Published by Clarion Books on Sept 4, 2012
Genres: Science Fiction, YA
Format: ARC from BEA 2012
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The Valorim are about to fall to a dark lord when they send a necklace containing their planet across the cosmos, hurtling past a trillion starsall the way into the lunchbox of Tommy Pepper, sixth grader, of Plymouth, Mass. Mourning his late mother, Tommy doesn't notice much about the chain he found, but soon he is drawing the twin suns and humming the music of a hanorah. As Tommy absorbs the art and language of the Valorim, their enemies target him. When a creature begins ransacking Plymouth in search of the chain, Tommy learns he must protect his family from villains far worse than he's ever imagined.
I received this book for free in exchange for an honest review. This does not affect my opinion of the book or the content of my review.
This was an intriguing YA story told in alternating chapters between Tommy on Earth, and the Valorim on their home planet. The viewpoints were quite distinct, and yet went together easily. Tommy’s chapters were all present time, focusing on the current action, while the Valorim chapters started with the history of events leading to Tommy’s possession of the chain, and continued up to and including the events that happened after Tommy’s story ended.
Unlike a lot of YA science fiction, there was no dumbing down on the details. The Valorim were a well thought out race, with a complete history. The names of people, races, and events were a little unpronounceable, which is something I dislike about most sci-fi, but they were as complete as any adult sci-fi concept. As an adult reader, I appreciate this detail. The story itself is told in an appropriately YA manner, but the overall feel of it is still satisfying for an older reader.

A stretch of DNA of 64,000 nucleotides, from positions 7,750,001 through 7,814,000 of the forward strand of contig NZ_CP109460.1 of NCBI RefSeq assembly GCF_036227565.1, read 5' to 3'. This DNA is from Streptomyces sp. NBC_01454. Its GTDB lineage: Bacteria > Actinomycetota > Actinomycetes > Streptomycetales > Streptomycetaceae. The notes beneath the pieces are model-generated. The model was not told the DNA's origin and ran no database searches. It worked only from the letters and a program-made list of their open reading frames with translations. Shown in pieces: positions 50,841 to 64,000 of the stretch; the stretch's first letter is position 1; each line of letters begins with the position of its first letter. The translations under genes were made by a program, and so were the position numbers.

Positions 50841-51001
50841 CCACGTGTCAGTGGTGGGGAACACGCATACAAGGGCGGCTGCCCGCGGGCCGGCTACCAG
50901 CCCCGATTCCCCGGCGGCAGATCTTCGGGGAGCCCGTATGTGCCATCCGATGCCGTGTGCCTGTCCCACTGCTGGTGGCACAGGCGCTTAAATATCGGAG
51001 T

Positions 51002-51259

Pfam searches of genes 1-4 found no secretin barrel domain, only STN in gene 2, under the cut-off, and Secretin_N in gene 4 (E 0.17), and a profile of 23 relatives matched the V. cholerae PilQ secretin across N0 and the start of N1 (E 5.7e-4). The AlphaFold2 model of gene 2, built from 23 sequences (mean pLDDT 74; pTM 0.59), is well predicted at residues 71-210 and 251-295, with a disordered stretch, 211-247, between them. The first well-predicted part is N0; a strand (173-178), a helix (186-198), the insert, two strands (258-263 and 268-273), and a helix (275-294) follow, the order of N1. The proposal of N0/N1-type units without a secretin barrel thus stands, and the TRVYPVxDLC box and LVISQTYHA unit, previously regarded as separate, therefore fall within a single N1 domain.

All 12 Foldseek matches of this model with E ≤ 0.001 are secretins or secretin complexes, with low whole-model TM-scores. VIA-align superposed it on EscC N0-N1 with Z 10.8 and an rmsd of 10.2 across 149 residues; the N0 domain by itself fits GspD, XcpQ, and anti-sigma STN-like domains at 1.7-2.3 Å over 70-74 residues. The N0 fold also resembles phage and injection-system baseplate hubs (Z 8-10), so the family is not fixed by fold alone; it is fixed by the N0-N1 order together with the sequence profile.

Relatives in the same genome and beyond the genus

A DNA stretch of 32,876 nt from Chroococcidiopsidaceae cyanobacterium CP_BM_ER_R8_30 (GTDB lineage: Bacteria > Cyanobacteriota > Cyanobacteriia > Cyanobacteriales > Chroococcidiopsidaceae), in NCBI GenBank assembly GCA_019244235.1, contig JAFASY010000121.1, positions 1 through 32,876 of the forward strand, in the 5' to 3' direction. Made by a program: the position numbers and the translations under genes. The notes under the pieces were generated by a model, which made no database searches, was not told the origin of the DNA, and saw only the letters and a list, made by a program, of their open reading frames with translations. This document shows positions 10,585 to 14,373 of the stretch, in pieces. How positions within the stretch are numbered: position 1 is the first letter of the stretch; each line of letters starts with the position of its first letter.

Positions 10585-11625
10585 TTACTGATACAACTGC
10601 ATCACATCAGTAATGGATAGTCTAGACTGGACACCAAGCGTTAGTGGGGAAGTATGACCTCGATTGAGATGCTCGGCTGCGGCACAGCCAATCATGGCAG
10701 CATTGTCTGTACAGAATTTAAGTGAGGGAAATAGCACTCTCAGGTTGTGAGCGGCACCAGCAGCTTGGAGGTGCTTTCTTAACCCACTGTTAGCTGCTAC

Tommy was a very likable character. I felt really bad for him, and his father and sister. They’ve obviously been having a bad year, and yet they are surviving quite admirably. A lot of the story features regular events and thoughts, which makes the sci-fi parts more realistic and easier to believe in. The blending of sci-fi and real life was quite masterful.
Overall, this was an enjoyable read, even with the unpronounceable words. The main character and plot are appropriate for YA, especially male readers who would be able to identify with Tommy’s age, and yet it is still written at a level that is enjoyable for older readers too. This is a book that surprised me with its depths, and one that I would easily recommend.